The article points out that it is California law, not city law, that prohibits vehicles from being parked on any part of a sidewalk. So the city says there is nothing it can do but issue tickets to those who break the law. California--and every other state in the union--reserves the right to issue marriage licenses. Yet that did not prevent the City and County of San Francisco from defiantly issuing its own.
Since City Hall has a precedent of selectively enforcing state laws, this sidewalk parking issue would seem to be a popular one to modify to local needs. I understand that sidewalks are to provide "access for everyone." But as the article mentions, some of these sidewalks are wide enough to park a car, and still have room for tandem wheelchairs to pass. Others, such as the one in front of my home, are not accessible at either end without going into the street anyway--while a perfectly flat, totally accessible, car-free sidewalk exists on the opposite side of the street. Where is the harm to the public good if people park on sidewalks in front of their homes in these instances?
Our mayor wants to be governor. Supporting a modification of this unbending state regulation would certainly be a popular move in his hometown. If, however, the true reason for enforcing this law is to raise extra revenue from those already paying property taxes, well, that's a different matter for voters to consider, isn't it?
Steven Short
Corona Heights

Where to Put Your Stimulus Pay
I'm a Noe Valley resident and "senior" who just received his $250 Economic Stimulus Payment. I immediately took half of it, $125, to our own 30th Street Senior Center, which provides wonderful services, including an exercise program and hot meals at lunch, to Noe Valley and Mission seniors.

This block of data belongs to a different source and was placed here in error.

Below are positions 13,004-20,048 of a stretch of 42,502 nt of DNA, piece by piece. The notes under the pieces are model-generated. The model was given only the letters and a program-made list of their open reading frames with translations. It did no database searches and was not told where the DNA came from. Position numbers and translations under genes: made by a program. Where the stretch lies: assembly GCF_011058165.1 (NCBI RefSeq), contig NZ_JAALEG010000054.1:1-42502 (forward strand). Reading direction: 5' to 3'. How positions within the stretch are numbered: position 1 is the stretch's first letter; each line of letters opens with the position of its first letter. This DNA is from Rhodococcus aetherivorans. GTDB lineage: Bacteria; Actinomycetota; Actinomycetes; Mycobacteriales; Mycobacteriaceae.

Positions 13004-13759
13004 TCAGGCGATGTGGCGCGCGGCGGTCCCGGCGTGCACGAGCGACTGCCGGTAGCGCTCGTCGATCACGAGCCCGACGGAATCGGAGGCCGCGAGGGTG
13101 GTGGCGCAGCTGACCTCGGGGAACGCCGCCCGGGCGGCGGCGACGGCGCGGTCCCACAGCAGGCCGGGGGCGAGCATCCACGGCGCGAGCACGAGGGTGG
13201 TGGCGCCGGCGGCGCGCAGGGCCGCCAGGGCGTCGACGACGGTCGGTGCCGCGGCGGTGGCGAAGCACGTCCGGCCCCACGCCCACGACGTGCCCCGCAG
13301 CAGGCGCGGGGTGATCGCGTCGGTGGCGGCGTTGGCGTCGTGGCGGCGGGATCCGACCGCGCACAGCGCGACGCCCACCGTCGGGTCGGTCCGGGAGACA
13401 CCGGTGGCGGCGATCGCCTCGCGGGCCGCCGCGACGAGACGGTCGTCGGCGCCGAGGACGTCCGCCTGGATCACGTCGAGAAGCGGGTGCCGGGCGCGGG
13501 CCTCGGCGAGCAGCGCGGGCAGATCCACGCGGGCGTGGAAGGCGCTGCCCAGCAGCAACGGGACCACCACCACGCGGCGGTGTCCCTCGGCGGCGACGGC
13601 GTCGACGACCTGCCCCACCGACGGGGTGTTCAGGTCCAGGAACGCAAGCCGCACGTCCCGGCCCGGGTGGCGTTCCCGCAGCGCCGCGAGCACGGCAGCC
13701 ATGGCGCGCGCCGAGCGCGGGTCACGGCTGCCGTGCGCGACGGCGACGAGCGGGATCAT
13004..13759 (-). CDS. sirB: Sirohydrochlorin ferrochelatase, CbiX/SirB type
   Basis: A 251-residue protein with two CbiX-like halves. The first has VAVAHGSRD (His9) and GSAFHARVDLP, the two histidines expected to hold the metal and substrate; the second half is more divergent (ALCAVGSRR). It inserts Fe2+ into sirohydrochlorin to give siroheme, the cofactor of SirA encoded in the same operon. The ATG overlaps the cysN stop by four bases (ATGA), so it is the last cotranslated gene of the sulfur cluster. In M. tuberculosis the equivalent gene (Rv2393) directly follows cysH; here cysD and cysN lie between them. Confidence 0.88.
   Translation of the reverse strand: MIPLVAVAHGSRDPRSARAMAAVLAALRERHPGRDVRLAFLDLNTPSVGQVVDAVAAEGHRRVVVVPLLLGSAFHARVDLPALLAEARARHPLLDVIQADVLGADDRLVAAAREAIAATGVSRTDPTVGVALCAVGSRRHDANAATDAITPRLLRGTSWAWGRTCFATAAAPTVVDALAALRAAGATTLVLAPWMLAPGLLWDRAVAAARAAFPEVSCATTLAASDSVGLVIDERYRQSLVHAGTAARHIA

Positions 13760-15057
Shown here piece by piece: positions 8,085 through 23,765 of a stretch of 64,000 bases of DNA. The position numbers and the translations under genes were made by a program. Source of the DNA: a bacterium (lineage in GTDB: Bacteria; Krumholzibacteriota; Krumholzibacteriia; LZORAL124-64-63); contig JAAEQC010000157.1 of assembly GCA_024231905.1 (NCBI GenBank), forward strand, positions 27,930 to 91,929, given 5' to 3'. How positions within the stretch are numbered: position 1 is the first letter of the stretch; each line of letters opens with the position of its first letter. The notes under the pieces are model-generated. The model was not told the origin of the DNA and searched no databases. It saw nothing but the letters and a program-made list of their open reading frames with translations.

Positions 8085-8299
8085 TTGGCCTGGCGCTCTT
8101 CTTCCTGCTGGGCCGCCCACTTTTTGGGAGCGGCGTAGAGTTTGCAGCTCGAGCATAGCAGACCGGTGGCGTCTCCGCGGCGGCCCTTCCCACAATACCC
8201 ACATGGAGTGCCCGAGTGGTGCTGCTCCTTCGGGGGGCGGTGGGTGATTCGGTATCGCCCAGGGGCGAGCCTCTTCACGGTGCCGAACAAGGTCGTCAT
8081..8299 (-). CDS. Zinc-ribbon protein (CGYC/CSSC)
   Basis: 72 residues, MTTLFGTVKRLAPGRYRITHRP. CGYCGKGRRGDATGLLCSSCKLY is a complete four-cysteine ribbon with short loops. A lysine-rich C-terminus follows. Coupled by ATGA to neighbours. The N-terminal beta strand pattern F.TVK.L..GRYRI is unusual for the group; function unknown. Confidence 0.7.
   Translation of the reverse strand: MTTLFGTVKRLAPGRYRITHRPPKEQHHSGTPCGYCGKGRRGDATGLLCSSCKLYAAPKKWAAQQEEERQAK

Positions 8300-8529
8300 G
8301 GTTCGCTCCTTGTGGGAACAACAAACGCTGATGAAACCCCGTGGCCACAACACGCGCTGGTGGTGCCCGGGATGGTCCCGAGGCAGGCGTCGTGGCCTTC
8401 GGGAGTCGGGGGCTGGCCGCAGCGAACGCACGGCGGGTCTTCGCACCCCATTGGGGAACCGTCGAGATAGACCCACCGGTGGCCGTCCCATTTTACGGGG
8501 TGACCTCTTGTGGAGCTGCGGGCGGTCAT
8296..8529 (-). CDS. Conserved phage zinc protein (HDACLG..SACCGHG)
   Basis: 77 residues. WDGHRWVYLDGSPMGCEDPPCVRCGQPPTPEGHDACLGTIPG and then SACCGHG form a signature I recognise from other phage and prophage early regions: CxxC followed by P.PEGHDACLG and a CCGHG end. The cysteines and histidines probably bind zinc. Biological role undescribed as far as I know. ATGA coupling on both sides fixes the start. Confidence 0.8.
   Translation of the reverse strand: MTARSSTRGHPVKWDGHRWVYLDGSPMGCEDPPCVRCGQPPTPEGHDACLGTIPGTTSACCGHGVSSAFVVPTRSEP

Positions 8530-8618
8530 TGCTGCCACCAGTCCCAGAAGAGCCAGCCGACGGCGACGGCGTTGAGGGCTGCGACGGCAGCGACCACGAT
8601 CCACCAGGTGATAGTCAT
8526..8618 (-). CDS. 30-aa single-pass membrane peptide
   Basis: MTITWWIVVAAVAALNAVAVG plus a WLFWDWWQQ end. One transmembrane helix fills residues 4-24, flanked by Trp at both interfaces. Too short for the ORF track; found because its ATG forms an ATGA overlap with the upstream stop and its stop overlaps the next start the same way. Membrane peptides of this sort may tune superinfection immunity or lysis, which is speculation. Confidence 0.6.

It's my very own Noe Valley economic stimulus payment to a neighborhood nonprofit that helps all of us.
If you also received a Social Security stimulus payment, please consider donating some of it to help continue the services at the 30th Street Senior Center, 225 30th Street, San Francisco, CA 94131.
Tom Peck
Sanchez Street

Good Works from Auto Works
The economy is terrible, people are in bad moods, and road rage is rampant. To add to that, I am a single mother who was laid off on Oct. 31, my house caught fire on March 27, and then on April 2, the brakes went out on my car. Too much was going on for me to be upset, so I called Noe Valley Auto Works and took my car in immediately--I had gone to them for years and they had always been fair and honest. A couple of hours later, I found out that my car also needed $400 worth of other work. As I swallowed down panic, I explained what was going on in my life--I was not complaining, just explaining why I needed my car--and said I could not afford anything that was not absolutely necessary. As usual, they called me back and told me not to worry--some of the things could wait and they would only do what was necessary.
I was thinking the worst when I went to pick up the car, credit card in hand, ready to hold back tears and fears. Instead, all I owed for was the brakes. They had done all of the other work, but in place of an amount due, they wrote on the bill, "Sorry to hear about your misfortune. Hopefully this will be the start of good fortune in the future."
Even without this event, I had referred people to Noe Valley Auto Works, but I do believe that this act of kindness should be acknowledged, and in a big way. This simple act helped turn around my view of the world. No longer a victim, I was able to continue to look for a job and start rebuilding my house. More importantly, I am a better mother to my son and proud to be able to show him what simple acts of kindness can do.
Noe Valley Auto Works deserves attention for this. They are truly a part of the Noe Valley community that cares about people.
Sinda Allen